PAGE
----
The Lautsi v Italy judgment has and will continue to generate debate and controversy. The European Court of Human Rights decided that the display of a crucifix in premises used by public authorities and, especially, in classrooms, violated the right of parents to educate their children in accordance with their religious and philosophical convictions - protocol 1, article 2 taken jointly with article 9 (freedom of thought, conscience and religion) of the European Convention of Human Rights. Predictably, other Lautsis will follow suit and, if confirmed by the Grand Chamber, it is difficult to envisage how the precedent may be ignored by states signatories to the European Convention, unless they have made express reservations to protocol 1, article 2 of the European Convention.
Malta endorsed the right of parents to ensure that state education is in conformity with "their own religious and philosophical convictions" with a reservation "only insofar as it is compatible with the provision of efficient instruction and training and the avoidance of unreasonable public expenditure, having regard to the fact that the population of Malta is overwhelmingly Roman Catholic". Additionally, while a number of constitutions expressly profess religious neutrality, the Constitution of Malta states that "The Religion of Malta is the Roman Catholic Apostolic Religion".
The Court stated: "The state was required to observe confessional neutrality in the context of public education, where attending classes was compulsory..." It is submitted however that confessional neutrality is a choice a state makes. A state may opt for confessional neutrality or it may not, choosing instead to express a religious preference endorsing the fundamental values that have shaped a nation's history, culture and identity. Confessional neutrality is not necessarily a sine qua non to respect for human rights. The right of parents to bring up their children as non-believers should not imply that states are obliged to delete all reference to God and religious symbolism in state schools.
The route chosen by the European Court of Human Rights is in fact a bias in favour of educating children in a secular environment devoid of religion. It endorses the prevalence of one "philosophical conviction" over all the others. Could not a contrary claim be made to the effect that that the imposition of secularism is contrary to the human rights of whosoever would like to believe otherwise and have their children brought up within a religious environment which values rather than displaces God?
The removal of a crucifix or any other religious symbol and its replacement by a blank wall or any austere looking public dignitary, for all that matters, is a symbol in itself. It is a symbol of the imposition of secularism and the displacement of religion from officialdom.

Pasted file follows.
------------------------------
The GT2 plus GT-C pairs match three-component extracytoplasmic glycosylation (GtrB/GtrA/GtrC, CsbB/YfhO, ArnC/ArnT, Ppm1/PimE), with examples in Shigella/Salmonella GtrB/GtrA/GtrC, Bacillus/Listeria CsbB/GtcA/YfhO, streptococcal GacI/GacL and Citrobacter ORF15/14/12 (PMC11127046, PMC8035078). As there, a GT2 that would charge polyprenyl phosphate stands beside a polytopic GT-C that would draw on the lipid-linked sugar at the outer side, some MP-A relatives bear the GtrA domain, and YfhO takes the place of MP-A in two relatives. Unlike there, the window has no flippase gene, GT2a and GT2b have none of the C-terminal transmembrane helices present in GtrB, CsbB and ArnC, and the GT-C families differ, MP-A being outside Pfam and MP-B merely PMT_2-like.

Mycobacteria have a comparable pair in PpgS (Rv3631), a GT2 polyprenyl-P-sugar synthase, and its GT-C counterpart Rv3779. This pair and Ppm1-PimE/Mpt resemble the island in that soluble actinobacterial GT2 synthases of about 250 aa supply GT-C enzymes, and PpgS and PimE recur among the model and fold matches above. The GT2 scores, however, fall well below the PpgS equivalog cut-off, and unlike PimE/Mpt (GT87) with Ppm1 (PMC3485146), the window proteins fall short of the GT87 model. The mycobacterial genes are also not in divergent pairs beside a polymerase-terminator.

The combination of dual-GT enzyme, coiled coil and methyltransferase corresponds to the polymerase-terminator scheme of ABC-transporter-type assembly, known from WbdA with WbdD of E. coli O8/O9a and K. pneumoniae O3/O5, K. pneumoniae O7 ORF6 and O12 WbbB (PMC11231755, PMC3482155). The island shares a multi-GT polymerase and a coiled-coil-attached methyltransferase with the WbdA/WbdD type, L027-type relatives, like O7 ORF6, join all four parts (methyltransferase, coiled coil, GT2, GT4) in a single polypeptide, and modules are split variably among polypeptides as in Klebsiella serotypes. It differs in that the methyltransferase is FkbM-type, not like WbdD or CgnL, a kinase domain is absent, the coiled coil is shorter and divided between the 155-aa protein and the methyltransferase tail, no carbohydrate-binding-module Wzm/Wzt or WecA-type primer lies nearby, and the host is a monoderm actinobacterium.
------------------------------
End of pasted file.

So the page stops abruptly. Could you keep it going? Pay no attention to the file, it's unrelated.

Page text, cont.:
The progressive application of the legal "logic" applied by the judges may lead to the gradual removal of religious symbolism. Admittedly, the judgment refers to "premises used by public authorities", especially classrooms within the context of the "right to education". However, if the same logic is applied to "freedom of conscience", so that the expression of a religious preference by a state and the display of religious symbols by a state in "other public premises" is similarly regarded as offensive, what is there to halt the process of removal of the crucifix from Parliament, the law courts, government departments, state hospitals?
Faced with the Lautsi circumstances, the challenge for a court lies in interpreting human rights in a manner that balances potentially competing claims. The application of the "margin of appreciation doctrine" allows states to decide what measures to take in the circumstances. A government school in a state that displays a preference for a particular religion, say, the Catholic religion, by displaying a religious symbol, like a crucifix, may still respect the rights of parents of Muslim or Hindu children by providing religious instruction in the Muslim or Hindu creeds. Religion classes may be taught by providing instruction in various religions.
Children of diverse religions may request that symbols of the religion of their choice be displayed in class with equal prominence. Children of non-believers have the right to opt out of attending religious classes. However, it is taking it to extremes to maintain that non-believers may, on the pretext of human rights, impose their secular conviction on others and imply that religious symbols should be removed from state schools. That is not "religious or philosophical neutrality". Nor is it a manifestation of the right to education or freedom of conscience. In effect, that is secular "indoctrination" and imposition.
It is indeed sad and ironic that the crucifix, a symbol of the ultimate selfless sacrifice carried out for the redemption of the whole of humanity, Christians and non-Christians, believers and non-believers, has been regarded as offensive and its display in state schools regarded as a breach of fundamental human rights. Hopefully, the judges in the Grand Chamber will exercise better judgment and interpret the European Convention of Human Rights in a more respectful manner. In reality, it is the "crucifix judgment" and not the crucifix that is offensive.
The author is a lecturer in commercial law at the University of Malta
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